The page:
In this lesson, students explore several facets of the impact of volcanic eruptions on the atmosphere. Students analyze three types of visual information: a graph of aerosol optical depth v. global temperature, a global map with temperature anomalies, and an ash plume photograph. In the hands-on activity, students use math to determine the rate and estimated time of arrival of an ash plume at an airfield.
This video is about Greenland's ice sheet, accompanied by computer models of the same, to show how the ice is melting, where the meltwater is going, and what it is doing both on the surface and beneath the ice.
C-Learn is a simplified version of the C-ROADS simulator. Its primary purpose is to help users understand the long-term climate effects (CO2 concentrations, global temperature, sea level rise) of various customized actions to reduce fossil fuel CO2 emissions, reduce deforestation, and grow more trees. Students can ask multiple, customized what-if questions and understand why the system reacts as it does.
This interactive visualization allows users to compare future projections of Wisconsin's average annual temperature with the actual changes of the last five decades. Text on the web page encourages students to think about the challenges Wisconsin could face if these changes occur.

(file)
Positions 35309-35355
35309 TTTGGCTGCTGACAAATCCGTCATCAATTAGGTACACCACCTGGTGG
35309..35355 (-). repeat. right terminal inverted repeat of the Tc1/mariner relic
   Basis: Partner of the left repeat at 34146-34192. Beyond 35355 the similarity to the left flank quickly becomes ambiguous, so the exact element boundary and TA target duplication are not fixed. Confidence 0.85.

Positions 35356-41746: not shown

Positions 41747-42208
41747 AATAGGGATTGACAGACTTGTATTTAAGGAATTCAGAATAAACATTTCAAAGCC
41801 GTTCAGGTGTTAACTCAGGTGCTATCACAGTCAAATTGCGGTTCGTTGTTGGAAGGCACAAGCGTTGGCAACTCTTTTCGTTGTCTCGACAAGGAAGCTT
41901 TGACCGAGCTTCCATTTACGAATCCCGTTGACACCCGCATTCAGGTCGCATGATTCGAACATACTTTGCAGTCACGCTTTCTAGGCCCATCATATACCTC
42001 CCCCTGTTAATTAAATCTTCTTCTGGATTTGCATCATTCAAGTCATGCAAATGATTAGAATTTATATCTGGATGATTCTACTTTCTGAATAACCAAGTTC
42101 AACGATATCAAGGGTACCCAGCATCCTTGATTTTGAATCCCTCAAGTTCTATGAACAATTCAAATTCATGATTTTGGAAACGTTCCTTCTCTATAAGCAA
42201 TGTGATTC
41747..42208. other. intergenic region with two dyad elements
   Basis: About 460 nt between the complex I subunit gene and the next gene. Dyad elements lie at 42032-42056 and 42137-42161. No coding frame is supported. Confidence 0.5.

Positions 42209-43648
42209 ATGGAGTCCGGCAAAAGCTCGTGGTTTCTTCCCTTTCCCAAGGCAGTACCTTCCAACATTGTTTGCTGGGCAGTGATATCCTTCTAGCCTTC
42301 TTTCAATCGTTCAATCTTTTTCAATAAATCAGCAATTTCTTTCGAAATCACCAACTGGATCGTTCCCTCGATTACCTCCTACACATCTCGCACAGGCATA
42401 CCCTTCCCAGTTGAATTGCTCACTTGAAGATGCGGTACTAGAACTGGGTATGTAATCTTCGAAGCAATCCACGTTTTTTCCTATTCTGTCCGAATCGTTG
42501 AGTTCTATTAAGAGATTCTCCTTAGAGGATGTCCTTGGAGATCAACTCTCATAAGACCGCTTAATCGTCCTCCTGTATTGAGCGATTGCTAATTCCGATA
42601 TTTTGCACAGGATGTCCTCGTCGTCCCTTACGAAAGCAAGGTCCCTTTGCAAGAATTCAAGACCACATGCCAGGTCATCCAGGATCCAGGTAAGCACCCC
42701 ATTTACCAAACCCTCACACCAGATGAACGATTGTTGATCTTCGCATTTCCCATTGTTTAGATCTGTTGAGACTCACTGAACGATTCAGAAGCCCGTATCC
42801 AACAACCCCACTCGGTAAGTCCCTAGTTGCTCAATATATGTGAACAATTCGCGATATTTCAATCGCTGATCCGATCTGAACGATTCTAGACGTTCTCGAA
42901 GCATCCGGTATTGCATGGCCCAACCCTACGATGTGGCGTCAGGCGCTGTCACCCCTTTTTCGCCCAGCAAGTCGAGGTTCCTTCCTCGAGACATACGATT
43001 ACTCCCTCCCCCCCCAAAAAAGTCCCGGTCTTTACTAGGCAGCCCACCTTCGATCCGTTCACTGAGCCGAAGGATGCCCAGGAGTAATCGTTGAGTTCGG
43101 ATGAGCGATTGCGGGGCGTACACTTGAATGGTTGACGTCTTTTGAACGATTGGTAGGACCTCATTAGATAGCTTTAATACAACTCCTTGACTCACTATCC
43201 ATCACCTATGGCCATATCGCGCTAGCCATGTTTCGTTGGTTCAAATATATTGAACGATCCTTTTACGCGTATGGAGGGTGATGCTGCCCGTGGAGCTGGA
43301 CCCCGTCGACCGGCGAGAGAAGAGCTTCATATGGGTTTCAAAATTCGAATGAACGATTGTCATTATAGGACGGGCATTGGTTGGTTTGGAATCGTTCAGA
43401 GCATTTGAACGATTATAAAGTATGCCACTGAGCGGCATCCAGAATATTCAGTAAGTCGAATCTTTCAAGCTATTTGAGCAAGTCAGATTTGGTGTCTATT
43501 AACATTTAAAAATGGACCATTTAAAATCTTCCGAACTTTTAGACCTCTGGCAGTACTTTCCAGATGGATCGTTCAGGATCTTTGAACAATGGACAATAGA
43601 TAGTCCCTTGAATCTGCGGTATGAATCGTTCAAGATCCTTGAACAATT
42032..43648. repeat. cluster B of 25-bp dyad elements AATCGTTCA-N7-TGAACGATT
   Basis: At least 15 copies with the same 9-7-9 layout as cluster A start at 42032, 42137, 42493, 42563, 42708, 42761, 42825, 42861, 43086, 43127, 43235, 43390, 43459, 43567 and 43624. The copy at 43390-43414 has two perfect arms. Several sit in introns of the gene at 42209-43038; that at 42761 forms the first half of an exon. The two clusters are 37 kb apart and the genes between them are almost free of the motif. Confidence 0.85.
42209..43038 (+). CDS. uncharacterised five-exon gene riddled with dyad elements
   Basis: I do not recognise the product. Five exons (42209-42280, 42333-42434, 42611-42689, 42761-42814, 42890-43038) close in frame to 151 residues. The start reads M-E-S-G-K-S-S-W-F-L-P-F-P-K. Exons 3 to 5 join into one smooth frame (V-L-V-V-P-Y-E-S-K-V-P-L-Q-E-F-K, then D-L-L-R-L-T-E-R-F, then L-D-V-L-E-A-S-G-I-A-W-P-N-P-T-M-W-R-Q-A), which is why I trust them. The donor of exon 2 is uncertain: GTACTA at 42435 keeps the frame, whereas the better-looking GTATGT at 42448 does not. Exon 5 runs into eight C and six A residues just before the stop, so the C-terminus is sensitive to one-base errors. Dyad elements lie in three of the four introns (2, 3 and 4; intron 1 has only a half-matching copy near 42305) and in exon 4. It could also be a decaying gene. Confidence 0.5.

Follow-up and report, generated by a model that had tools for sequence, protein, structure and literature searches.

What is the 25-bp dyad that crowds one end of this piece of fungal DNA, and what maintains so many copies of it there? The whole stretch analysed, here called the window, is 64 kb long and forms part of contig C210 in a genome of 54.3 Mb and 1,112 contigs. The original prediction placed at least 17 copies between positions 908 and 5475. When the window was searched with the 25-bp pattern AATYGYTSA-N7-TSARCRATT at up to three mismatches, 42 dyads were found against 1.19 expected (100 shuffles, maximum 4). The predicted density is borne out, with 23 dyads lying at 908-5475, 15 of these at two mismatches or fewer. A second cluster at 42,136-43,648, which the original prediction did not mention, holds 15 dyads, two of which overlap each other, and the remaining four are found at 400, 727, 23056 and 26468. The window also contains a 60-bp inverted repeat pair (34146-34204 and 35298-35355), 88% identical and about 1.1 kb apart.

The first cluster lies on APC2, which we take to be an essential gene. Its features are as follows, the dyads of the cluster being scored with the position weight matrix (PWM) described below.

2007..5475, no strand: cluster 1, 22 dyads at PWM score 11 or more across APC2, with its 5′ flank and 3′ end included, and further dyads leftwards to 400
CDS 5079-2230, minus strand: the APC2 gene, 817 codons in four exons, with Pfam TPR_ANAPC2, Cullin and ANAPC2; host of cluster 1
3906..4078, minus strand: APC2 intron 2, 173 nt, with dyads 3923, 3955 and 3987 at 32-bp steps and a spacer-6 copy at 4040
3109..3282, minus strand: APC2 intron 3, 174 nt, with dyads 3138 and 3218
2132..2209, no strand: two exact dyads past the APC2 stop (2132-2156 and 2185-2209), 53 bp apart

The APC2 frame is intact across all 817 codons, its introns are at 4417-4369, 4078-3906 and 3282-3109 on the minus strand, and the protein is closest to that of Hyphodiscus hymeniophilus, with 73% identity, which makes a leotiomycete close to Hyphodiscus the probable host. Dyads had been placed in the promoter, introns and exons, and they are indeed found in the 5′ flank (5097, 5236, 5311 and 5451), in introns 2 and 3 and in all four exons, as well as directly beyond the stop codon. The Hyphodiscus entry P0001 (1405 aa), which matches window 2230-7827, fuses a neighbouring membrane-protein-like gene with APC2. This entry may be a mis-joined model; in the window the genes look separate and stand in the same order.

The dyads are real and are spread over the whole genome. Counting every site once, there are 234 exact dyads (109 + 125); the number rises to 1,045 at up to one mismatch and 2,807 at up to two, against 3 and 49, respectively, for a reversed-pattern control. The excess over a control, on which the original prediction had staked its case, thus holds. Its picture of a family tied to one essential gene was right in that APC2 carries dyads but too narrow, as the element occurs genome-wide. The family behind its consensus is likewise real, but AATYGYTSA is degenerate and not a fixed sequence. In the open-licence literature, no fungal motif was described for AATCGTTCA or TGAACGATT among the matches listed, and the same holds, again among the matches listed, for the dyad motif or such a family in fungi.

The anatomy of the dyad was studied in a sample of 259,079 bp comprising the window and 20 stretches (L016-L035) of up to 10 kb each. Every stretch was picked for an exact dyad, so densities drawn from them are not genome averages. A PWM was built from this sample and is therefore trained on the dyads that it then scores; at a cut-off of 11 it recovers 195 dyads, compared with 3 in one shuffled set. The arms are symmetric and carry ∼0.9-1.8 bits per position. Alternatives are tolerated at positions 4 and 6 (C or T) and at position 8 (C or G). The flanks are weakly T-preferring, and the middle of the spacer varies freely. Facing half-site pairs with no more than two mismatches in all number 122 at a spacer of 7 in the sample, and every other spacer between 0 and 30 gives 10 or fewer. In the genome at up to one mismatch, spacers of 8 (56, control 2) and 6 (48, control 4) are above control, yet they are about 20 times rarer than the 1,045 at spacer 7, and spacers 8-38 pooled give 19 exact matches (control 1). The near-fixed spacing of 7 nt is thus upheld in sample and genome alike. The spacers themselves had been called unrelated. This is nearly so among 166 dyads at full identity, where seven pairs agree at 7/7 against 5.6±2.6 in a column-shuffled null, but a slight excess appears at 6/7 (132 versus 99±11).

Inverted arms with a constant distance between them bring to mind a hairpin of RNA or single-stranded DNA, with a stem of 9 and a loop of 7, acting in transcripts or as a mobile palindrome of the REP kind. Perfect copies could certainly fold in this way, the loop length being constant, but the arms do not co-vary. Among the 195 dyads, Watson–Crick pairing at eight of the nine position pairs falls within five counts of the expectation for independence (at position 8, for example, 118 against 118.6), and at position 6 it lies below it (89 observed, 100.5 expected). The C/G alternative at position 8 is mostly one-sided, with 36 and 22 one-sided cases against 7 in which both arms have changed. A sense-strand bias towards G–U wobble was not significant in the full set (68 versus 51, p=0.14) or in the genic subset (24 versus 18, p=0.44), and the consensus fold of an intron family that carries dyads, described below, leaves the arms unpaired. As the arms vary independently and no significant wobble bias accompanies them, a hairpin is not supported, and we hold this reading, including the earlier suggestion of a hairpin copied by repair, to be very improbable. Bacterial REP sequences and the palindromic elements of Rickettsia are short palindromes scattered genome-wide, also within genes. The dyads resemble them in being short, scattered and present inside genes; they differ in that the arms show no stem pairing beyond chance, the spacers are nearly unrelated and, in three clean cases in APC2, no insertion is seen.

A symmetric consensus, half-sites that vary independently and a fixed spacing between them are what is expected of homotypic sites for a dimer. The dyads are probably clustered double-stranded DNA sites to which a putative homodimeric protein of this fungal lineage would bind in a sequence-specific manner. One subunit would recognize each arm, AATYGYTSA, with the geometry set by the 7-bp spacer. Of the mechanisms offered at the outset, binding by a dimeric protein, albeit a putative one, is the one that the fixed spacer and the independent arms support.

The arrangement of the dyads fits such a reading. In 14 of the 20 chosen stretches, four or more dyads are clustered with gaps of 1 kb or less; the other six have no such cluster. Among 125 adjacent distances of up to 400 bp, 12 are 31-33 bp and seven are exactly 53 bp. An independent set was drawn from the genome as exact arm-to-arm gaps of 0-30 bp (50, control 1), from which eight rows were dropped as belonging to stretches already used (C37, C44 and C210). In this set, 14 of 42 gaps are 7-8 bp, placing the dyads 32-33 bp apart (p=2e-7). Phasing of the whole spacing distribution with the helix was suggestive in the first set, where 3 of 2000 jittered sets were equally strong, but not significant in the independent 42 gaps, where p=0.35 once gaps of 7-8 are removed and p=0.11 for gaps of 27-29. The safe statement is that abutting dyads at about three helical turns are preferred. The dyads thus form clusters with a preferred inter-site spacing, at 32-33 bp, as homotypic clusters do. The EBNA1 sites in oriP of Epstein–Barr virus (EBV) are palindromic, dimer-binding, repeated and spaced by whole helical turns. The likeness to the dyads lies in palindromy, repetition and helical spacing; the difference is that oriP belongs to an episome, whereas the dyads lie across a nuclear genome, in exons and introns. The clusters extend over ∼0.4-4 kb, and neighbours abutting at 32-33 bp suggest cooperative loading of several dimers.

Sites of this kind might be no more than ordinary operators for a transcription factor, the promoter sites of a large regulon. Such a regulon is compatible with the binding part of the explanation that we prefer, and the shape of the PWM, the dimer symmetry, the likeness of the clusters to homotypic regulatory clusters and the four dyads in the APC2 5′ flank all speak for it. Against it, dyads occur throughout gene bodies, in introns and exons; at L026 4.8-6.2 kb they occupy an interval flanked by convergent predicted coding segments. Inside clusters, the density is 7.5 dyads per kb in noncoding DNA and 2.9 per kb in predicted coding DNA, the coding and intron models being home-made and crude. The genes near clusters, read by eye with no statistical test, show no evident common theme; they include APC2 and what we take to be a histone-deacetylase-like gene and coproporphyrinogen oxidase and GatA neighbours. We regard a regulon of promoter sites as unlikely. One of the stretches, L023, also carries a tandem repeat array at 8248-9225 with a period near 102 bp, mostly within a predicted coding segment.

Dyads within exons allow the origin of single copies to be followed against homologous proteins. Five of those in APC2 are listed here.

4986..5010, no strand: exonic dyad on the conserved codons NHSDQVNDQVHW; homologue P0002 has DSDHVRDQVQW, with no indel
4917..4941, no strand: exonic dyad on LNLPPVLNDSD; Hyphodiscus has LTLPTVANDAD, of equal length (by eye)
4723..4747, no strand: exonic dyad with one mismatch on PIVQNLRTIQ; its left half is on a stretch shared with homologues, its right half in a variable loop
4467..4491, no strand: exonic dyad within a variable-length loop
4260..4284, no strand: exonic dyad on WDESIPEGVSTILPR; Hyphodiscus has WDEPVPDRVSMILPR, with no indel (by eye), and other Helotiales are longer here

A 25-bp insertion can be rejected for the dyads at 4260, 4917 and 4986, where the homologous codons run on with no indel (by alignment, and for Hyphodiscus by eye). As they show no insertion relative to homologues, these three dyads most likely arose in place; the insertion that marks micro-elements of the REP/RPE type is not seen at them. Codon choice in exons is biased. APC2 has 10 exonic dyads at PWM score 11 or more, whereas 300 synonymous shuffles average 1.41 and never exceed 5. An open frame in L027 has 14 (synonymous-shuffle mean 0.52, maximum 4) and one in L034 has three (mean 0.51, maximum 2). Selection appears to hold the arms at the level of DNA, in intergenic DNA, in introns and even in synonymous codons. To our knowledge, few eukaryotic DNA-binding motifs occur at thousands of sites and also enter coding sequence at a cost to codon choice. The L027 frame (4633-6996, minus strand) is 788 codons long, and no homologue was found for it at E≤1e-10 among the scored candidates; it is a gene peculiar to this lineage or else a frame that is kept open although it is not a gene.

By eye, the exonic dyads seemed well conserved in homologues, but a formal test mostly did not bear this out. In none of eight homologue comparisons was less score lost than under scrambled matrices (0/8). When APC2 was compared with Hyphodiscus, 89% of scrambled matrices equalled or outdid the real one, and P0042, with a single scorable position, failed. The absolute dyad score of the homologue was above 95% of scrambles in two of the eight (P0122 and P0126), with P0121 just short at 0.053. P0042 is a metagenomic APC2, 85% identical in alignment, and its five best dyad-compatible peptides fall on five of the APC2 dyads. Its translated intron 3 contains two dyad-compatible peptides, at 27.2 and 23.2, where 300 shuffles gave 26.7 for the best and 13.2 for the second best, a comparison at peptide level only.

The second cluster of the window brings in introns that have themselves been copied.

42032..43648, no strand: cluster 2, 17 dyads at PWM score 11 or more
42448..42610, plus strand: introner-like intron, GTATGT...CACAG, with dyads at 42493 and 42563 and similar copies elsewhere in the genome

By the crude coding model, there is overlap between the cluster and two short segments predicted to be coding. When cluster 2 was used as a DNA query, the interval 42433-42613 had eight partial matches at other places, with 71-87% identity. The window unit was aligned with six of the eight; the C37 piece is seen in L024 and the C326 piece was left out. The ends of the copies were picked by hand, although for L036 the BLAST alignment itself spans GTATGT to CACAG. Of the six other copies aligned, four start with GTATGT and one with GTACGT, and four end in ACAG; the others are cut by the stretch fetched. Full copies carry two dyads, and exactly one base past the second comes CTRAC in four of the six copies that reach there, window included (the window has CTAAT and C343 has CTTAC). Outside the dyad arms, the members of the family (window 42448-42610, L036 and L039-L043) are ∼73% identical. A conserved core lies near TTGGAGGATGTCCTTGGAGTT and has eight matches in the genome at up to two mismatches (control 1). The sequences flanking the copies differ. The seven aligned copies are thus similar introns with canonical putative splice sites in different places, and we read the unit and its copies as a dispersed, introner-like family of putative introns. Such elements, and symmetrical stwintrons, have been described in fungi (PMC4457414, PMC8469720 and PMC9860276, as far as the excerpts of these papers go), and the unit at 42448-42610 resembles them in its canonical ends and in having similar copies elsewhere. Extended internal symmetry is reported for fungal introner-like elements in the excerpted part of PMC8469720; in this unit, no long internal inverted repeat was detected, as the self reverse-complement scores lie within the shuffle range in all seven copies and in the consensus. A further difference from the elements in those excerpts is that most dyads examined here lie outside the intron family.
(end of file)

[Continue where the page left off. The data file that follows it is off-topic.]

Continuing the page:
This video shows 15 years of data obtained via Polar-orbiting satellites that are able to detect subtle differences in ocean color, allowing scientists to see where there are higher concentrations of phytoplankton - a proxy for the concentration of chlorophyll in the ocean.
This activity introduces students to visualization capabilities available through NASA's Earth Observatory, global map collection, NASA NEO and ImageJ. Using these tools, students build several animations of satellite data that illustrate carbon pathways through the Earth system.
This video addresses the impact of climate change on several butterfly populations. Warming temperatures lead to shifts in location of populations of butterflies or die-offs of populations unable to adapt to changing conditions or shift to new locations.